Additionally, as the district court noted, it appears from the record that Sales & Marketing did not have the authority to commit Huffy to a sale. The WFDL does not protect a manufacturer's representative who lacks the "unqualified authorization to sell" or the authority to commit the grantor to a sale. Foerster, 313 N.W.2d at 64. Sales & Marketing's contract clearly and unambiguously states, "Huffy reserves the right to withhold acceptance of any order as in its judgment appears proper.... Representative is not an agent of Huffy for any purpose whatsoever and has no right or authority to assume or create any obligation, express or implied, on behlaf [sic] of or in the name of Huffy." This language is very similar to the contractual language in Kornacki, where this court held that the plaintiff had no authority to sell. See 956 F.2d at 132.
Sales & Marketing argues that Huffy never rejected a Sales & Marketing sale, so in effect Sales & Marketing committed Huffy to sales. However, in John Maye Co., Inc. v. Nordson Corp., 959 F.2d 1402 (7th Cir. 1992), the defendant never rejected an order from John Maye Co., but the terms of the contract made it clear that the defendant had discretion over whether to accept a sale. See 959 F.2d at 1406-08. This court held that, absent the defendant's explicit surrender of this right, the grantee did not have the power to sell within the meaning of the WFDL. Id. See also Kornacki, 956 F.2d at 132.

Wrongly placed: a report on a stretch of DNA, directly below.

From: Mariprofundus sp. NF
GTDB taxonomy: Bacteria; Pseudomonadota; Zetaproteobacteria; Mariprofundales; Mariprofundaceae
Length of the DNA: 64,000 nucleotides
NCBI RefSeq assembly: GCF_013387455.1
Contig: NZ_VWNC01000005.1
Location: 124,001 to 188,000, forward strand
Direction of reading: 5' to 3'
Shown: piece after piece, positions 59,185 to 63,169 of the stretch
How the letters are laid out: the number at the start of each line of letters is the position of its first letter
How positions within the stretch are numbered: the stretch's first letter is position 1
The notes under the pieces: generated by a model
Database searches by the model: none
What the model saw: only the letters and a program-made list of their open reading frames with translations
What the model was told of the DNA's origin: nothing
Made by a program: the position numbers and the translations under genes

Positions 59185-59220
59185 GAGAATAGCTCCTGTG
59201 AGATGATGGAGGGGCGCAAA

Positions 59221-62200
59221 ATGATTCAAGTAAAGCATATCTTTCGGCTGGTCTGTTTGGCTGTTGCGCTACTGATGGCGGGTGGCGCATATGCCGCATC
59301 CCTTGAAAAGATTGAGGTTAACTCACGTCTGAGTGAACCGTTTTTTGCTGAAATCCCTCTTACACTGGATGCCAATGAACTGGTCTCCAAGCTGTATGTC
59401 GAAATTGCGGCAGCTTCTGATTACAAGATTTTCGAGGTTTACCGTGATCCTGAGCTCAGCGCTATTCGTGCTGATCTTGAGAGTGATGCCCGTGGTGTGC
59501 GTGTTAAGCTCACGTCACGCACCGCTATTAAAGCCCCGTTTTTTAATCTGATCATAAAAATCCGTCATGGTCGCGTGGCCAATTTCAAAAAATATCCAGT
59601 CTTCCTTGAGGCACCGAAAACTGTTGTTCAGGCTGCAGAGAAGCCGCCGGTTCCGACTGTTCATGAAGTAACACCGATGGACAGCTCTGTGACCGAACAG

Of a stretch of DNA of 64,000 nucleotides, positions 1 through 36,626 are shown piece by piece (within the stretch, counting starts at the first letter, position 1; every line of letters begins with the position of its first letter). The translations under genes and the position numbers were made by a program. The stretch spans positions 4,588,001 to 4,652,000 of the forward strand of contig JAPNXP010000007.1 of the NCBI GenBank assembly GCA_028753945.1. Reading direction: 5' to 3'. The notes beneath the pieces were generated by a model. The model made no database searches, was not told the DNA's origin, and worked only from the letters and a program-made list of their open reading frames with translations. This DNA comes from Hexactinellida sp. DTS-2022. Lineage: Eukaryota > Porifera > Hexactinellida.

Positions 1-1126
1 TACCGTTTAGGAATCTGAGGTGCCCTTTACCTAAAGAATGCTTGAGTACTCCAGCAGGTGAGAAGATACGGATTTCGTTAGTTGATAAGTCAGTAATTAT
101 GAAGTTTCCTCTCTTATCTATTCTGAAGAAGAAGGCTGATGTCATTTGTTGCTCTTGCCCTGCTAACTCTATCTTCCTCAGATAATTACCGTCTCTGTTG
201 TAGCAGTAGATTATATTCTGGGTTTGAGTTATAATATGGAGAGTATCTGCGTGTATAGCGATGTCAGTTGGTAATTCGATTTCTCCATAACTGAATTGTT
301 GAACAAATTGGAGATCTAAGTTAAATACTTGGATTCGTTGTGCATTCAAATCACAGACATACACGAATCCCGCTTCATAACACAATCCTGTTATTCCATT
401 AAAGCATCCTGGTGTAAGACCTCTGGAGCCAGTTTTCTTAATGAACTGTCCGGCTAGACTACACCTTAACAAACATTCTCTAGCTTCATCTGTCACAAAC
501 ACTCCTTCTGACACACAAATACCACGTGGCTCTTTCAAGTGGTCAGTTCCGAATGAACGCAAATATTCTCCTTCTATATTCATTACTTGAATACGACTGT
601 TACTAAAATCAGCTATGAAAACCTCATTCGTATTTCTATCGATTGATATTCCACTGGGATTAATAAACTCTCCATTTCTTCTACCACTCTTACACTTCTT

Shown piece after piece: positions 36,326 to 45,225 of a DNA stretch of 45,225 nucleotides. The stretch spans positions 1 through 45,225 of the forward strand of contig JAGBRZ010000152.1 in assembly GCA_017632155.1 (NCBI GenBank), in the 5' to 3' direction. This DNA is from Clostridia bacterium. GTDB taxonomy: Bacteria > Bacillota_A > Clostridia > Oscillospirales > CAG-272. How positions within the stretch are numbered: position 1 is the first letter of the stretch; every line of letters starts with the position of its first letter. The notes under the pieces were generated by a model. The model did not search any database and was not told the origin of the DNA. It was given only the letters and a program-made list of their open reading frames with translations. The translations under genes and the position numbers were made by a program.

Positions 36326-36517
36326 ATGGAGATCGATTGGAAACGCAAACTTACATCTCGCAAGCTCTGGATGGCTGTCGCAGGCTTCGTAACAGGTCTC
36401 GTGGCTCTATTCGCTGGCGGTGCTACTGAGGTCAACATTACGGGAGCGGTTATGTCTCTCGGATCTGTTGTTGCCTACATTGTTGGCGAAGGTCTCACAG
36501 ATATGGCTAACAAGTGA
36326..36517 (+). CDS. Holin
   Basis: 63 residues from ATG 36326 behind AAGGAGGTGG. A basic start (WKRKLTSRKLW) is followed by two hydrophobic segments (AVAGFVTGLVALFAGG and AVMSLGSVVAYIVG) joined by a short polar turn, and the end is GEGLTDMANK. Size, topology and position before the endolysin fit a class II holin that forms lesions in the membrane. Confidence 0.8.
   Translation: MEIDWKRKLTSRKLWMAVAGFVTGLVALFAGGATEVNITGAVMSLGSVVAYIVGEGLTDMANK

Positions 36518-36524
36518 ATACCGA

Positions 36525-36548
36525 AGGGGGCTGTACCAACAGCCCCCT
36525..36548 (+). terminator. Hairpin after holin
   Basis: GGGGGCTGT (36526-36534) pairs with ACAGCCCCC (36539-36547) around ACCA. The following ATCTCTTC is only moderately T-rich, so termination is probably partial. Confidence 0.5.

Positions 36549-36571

Huffy contends that it never had to reject a sale because Sales & Marketing made sales solely pursuant to the sales plan which was pre-approved by Huffy. Sales & Marketing had no leeway to deviate from this plan, so Huffy had no reason to object or reject any sales. Although Sales & Marketing had a credit line from Huffy and invoiced some customers, these facts are insufficient to indicate that Sales & Marketing had a right to sell when the contract explicitly gave Huffy the right to reject any sale.
Therefore, although we recognize that Sales & Marketing was not involved in an ordinary vendor-vendee relationship with Huffy, we conclude that the relationship between the two companies was more in the nature of a sales representative and was not the type of relationship that the WFDL was intended to protect, both because of a lack of community of interest between the two companies and because Sales & Marketing did not have the authority to commit Huffy to a sale.